Author Archive

Holly Heinrich

Holly Heinrich is a public policy master's student at Cambridge University. She has previously been published in the New York Times' Texas edition, NPR affiliate StateImpact Texas, the Texas Tribune, and Texas Monthly magazine.

In the past, India and China have disputed numerous issues, from trade to territory. Notably, in 1962, disputes over their Himalayan border regions sparked the brief Sino-Indian War. In the 21st century, a new issue has the potential to become a flashpoint between the world’s most populous nations: their shared rivers. China has planned, and in some cases begun construction on, major hydropower and water diversion projects in its southern regions, including Tibet, which is making the water security of its downstream neighbors more fragile. The glacial Tibetan Plateau, largely controlled by China, is the source of rivers that supply water to approximately 1.5 billion people. Many of Asia’s major rivers—including the Mekong, Brahmaputra, Yangtze, Yellow, Indus, and Salween Rivers—begin in the Tibetan Plateau, and supply water to people living in India, Pakistan, Bangladesh, Afghanistan, Nepal, and mainland Southeast Asia. Thus, China exerts powerful hegemony over Asia’s water resources. China views the development of rivers originating within its borders as a matter of national sovereignty, not international cooperation. According to one telling Chinese proverb, “Upstream doesn’t suffer.” China does not have river treaties with other nations, making downstream countries vulnerable to water supply disruptions and other environmental damages. In the absence of treaties, downstream nations have no forums for formally resolving water disputes with China, and cannot use international legal institutions to ensure they receive their fair share of water.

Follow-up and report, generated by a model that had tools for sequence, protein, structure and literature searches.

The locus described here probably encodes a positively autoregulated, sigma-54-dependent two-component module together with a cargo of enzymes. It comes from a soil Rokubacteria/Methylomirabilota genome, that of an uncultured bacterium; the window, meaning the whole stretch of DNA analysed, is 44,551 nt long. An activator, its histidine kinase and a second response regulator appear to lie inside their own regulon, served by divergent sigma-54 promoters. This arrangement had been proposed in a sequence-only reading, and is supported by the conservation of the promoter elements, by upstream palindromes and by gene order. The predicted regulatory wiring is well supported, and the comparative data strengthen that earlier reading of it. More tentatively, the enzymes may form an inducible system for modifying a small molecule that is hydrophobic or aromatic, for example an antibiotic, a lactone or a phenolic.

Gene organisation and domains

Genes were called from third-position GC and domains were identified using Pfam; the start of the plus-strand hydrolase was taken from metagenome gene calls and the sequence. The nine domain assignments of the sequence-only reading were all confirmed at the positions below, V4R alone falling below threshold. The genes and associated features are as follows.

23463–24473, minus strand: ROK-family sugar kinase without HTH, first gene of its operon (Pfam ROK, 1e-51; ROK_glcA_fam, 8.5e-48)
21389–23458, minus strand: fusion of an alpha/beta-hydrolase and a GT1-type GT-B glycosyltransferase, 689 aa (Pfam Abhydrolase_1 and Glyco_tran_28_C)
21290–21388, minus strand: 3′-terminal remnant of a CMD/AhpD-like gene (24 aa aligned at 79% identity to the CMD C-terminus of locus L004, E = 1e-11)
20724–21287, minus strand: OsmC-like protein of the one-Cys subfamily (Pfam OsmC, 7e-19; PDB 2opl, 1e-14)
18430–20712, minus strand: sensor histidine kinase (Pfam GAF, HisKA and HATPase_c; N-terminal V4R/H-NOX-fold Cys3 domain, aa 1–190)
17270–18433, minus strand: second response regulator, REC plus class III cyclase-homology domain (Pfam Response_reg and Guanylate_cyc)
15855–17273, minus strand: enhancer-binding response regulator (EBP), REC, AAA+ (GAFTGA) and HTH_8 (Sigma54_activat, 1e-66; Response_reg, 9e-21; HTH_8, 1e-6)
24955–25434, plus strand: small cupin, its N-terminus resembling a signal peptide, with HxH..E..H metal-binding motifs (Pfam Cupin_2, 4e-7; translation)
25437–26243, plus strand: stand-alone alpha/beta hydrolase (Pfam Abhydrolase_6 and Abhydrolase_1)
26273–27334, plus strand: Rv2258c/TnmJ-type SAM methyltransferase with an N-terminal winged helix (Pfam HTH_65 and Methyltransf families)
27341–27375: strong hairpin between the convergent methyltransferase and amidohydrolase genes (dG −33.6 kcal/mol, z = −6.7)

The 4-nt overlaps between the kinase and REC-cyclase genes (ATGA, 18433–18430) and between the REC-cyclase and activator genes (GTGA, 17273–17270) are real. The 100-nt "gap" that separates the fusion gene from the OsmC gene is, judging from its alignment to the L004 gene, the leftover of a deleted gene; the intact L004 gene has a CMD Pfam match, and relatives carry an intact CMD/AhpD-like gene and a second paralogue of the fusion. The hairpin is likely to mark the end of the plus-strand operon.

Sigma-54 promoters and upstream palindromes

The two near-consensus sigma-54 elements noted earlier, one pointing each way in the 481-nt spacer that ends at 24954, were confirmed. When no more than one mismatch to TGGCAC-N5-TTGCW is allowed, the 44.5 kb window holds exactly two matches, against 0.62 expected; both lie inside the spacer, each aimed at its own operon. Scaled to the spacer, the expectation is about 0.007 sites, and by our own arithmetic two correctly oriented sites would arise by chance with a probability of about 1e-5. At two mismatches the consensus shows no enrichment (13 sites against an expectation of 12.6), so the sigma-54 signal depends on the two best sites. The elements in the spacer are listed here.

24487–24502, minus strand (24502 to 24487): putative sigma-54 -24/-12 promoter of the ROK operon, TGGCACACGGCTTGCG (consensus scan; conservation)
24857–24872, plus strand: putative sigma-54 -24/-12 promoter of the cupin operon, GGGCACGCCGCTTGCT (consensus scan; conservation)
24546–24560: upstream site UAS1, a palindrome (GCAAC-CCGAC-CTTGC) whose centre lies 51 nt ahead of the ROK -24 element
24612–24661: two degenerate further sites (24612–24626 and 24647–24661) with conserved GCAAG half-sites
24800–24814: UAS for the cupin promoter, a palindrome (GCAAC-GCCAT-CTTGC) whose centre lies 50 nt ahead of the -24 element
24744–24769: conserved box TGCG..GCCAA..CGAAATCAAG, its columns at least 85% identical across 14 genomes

Drought-stricken California is taking unprecedented measures to address its water challenges. In April, the governor issued the first mandatory statewide water use restrictions in California history, after snowpack in the Sierra Nevada Mountains—which provide 60 percent of the state’s water—fell to the lowest levels ever recorded. San Diego County is building the largest seawater desalination plant in the Western hemisphere, while Orange County plans to turn more wastewater into drinking water. The solutions are significant because the drought has been exceptionally severe. It currently affects over 99 percent of the state and approximately 37 million people. In 2014, the state agriculture industry lost roughly $2.2 billion to drought, and some California communities even ran out of water. One solution California may consider is whether more efficient, user-friendly water markets would help water users adapt more quickly to drought conditions, and better cope with long-term water scarcity stemming from climate change and increased water demand. California has active water markets, but buying and selling water (and water rights) there is not as simple as in Australia, where it is said to be “almost as easy to sell water from your water bank account as it is to transfer money from a normal bank account.” The Australian model could be useful for California because Australia recently emerged from a decade-long drought, during which it pioneered water policies that attracted interest from water-scarce countries around the world. Why is water trading easier in Australia? One reason is that Australia’s water rights system has been made relatively simple and predictable. It is designed so that rights holders can generally expect to receive a certain percentage of their water every year, based on the type of water right they hold. This makes water rights’ value easier to determine; the water rights transfer process is also less onerous.